Limitations and Controversies With Antimicrobial Prophylaxis
Potential limitations of long-term antimicrobial prophylaxis to prevent UTIs include drug resistance, gastrointestinal symptoms, skin rashes, hepatotoxicity, hematologic complications with SMZ-TMP, and primarily gastrointestinal symptoms with nitrofurantoin. Compliance with daily administration of the medication over a prolonged period of time can be difficult to sustain. Another limitation of medical management is the need for repeated follow-up VCUGs to monitor the resolution of VUR.
Many investigators have raised doubts about the role of long-term antimicrobial prophylaxis in reducing the frequency of acute pyelonephritis or decreasing the frequency of renal scarring (reflux nephropathy). Some have questioned the validity of the published data because of the study methodology used to reach conclusions. These include a Cochrane review on the effectiveness of long-term antibiotic prophylaxis for preventing UTIs in children, which concluded that most published studies to date have been poorly designed, with biases known to overestimate the true treatment effect. (19) Another systematic analysis, which evaluated the value of identifying VUR after a symptomatic UTI and the effects of various interventions on the occurrence of UTI and subsequent renal parenchymal damage, concluded that it is unknown whether the identification and treatment of children who have VUR confers clinically important benefits and whether any intervention, including antibiotic prophylaxis or surgery for VUR, is better than no treatment. (20) Another systematic analysis, which evaluated the predictability of renal parenchymal damage by diagnosing VUR in hospitalized children who had febrile UTI, revealed VUR to be a weak predictor of renal damage in such children. (21)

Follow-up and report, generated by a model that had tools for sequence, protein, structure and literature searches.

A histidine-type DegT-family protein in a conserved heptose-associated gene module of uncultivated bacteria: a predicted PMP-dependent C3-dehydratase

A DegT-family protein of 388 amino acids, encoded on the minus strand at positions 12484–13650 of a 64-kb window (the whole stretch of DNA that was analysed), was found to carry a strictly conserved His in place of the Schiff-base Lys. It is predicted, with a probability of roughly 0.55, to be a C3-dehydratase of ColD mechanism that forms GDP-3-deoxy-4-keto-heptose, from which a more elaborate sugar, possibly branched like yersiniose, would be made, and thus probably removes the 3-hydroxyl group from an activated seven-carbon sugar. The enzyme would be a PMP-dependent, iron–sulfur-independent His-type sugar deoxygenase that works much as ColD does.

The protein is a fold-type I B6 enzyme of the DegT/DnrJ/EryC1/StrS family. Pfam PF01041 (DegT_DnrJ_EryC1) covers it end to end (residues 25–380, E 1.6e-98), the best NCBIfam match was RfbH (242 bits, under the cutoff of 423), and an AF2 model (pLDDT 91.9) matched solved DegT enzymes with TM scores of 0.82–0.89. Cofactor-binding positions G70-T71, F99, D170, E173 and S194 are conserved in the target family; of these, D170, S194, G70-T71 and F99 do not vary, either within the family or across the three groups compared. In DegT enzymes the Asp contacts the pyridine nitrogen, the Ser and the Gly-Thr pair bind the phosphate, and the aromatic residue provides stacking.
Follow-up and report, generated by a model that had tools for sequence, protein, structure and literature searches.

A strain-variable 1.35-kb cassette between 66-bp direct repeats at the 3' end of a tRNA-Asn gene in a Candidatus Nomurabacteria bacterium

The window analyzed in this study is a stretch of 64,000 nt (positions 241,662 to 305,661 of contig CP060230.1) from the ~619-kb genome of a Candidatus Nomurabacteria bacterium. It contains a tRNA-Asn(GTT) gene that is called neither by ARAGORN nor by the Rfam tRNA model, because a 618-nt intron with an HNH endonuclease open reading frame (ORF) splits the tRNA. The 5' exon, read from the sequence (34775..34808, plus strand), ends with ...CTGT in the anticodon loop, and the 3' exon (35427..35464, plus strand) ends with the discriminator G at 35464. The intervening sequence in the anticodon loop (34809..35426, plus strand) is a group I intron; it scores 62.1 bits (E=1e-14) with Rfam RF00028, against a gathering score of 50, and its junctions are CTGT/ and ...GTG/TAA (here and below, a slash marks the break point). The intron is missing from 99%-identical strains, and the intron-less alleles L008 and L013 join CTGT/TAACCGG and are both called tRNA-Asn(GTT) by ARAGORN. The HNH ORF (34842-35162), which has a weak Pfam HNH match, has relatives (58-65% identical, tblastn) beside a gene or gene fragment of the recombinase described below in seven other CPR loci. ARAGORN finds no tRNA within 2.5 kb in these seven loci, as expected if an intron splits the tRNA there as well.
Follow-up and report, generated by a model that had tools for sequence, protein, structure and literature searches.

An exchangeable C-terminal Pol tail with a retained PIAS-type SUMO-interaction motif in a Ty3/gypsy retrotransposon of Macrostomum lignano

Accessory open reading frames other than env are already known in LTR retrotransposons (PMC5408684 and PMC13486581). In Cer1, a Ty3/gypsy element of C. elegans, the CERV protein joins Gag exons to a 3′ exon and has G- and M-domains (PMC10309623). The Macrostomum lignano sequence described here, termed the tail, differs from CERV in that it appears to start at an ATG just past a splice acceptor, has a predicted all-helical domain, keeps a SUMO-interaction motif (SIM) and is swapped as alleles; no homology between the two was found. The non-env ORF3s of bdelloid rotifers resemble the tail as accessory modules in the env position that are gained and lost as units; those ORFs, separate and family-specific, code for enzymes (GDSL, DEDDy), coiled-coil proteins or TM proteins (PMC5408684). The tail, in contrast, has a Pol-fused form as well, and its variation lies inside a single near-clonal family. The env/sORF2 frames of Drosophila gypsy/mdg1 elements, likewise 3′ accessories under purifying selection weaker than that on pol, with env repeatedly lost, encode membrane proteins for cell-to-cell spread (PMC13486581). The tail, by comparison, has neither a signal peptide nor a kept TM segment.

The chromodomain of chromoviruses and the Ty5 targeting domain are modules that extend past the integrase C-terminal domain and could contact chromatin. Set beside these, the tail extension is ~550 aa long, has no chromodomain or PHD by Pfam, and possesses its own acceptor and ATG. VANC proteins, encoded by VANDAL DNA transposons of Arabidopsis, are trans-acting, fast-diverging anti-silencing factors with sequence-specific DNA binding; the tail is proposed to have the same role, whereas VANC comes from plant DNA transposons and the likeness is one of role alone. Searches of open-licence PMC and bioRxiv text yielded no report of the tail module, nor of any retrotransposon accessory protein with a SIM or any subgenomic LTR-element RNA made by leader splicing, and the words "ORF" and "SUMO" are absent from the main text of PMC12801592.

Antibiotic Prophylaxis Versus Surveillance Only
A few recent studies have compared antibiotic prophylaxis with surveillance only in children who had primary VUR. One such study included 236 children ages 3 months to 18 years who had acute pyelonephritis. Of these, 218 completed a 1-year follow-up period. A total of 113 children (3 months to 12 years of age) who had grades I through III VUR and 105 children who had no VUR (3 months to 17 years of age) were included in the study. Patients were randomly assigned to prophylactic antibiotic or no prophylaxis. DMSA renal scans were used to document renal scarring. At the end of 1 year, only 13 of the 218 children (5.9%) had developed renal scarring, and no difference was noted in the incidence of UTIs, pyelonephritis, or renal scarring between the prophylaxis and no-prophylaxis groups. (22)